Two Weeks in Europe
Sunday 29 July, Part 1: The Delay
Started the day with a nightmare of airline problems. We were told the flight was overbooked, and we were on standby. "Don't worry," they told us. "We can get you on the 5:30 flight." We would miss the gathering with my video game friends, which we'd been preparing for months. All we could do was wait in the Customer Service area. Diane the angel sought out pain au chocolat and coffee.
There was only one lady working the crowd of standby passengers, so finally I grabbed a guy who looked like a supervisor. He assigned someone else to help us, who then took us to another location, until finally another lady said "Hey good news. You're on the 8:00 flight as scheduled." She smiled and said "Congratulations", like we won a game of blackjack or something.
We got our boarding passes and tore through the airport. They waved us into the special quick-search security line and then we raced to the gate — all the while typing furious updates to my friends in WhatsApp. As we took off I decided to exercise more back home.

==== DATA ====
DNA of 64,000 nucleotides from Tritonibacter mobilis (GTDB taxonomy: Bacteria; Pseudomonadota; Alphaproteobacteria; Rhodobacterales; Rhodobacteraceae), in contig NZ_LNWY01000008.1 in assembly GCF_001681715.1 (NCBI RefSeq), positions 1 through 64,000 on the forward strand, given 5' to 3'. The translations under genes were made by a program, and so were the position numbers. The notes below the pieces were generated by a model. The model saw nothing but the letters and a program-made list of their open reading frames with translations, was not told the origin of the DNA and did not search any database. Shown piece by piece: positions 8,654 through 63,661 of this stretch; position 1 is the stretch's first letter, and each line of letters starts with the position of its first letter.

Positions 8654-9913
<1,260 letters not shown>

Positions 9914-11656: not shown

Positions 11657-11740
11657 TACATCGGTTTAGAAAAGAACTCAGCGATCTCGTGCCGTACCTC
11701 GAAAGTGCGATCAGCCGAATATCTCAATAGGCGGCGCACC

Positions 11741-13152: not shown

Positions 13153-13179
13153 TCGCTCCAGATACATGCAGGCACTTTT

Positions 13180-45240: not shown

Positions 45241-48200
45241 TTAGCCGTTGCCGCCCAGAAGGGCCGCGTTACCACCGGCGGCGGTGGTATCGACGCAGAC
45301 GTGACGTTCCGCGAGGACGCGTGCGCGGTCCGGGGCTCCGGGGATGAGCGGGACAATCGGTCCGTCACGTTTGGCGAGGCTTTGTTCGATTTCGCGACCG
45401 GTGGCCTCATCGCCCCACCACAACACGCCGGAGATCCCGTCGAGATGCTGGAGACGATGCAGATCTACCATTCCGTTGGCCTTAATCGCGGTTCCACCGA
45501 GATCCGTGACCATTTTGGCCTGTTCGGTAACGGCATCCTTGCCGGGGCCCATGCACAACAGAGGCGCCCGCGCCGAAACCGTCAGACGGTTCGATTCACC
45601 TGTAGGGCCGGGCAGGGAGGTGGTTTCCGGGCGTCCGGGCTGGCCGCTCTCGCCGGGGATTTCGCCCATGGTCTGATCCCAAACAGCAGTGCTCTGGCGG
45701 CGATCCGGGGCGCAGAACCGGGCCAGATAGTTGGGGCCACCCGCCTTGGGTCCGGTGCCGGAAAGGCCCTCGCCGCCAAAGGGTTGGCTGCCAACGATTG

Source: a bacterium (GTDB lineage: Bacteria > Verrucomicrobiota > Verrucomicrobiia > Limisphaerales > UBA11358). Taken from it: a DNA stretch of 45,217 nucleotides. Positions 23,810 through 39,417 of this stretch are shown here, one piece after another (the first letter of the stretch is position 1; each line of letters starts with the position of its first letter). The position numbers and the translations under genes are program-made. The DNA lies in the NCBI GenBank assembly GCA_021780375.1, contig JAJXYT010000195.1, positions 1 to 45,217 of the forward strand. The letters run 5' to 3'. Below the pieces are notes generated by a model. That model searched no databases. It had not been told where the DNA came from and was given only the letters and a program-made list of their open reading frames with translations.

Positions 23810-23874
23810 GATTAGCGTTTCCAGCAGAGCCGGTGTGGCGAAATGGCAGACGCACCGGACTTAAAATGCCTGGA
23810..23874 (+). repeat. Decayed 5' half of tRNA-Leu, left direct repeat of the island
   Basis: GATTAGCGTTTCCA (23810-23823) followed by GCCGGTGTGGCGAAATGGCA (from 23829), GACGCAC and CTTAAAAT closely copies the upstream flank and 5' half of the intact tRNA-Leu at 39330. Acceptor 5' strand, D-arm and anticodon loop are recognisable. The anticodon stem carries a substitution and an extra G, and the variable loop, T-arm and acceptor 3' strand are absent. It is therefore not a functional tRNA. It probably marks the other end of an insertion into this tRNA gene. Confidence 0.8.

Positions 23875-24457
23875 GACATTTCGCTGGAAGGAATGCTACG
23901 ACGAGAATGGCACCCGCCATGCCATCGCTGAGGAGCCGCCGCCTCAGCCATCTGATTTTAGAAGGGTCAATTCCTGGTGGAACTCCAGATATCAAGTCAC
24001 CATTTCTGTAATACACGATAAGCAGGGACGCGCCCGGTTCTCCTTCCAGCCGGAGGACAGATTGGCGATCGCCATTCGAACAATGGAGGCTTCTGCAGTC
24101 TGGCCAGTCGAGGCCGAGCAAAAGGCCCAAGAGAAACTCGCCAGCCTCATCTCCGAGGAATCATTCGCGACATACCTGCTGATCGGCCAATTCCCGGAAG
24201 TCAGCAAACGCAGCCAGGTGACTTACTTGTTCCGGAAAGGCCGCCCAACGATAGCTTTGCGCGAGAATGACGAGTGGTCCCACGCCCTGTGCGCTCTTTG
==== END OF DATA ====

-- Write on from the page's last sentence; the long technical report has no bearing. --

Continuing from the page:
I kept wondering what might have led to us being put on standby. Apparently it's the cheapest seats and latest bookers (and latest arrivals to the airport) that get bumped first. Maybe our tickets coming from a package deal had something to do with it. Then I wondered how we got approved. Was it because we checked in early? Could my feeble attempt to speak French have helped our cause? Was it because I always say "please" and "thank you", unlike some grouchy customers?
No one knows, of course; it's probably some big jumble of factors that go into an opaque algorithm, like in high-frequency trading, until the almighty Air France computer gives a thumbs-up or thumbs-down like Caesar in the Colosseum. Obviously something tipped the scales, and I'm insanely curious what it was. Probably something absurdly mundane, like the number of people who didn't show up.
Then I wonder if there's anything I could have said to make sure we got on the plane. "My grandmother in Manchester is dying! And she's giving birth today. I've got to see her one last time, and witness the birth of my step-mother/sister!"
Regardless of how it happened, I've never been so relieved to get on a plane.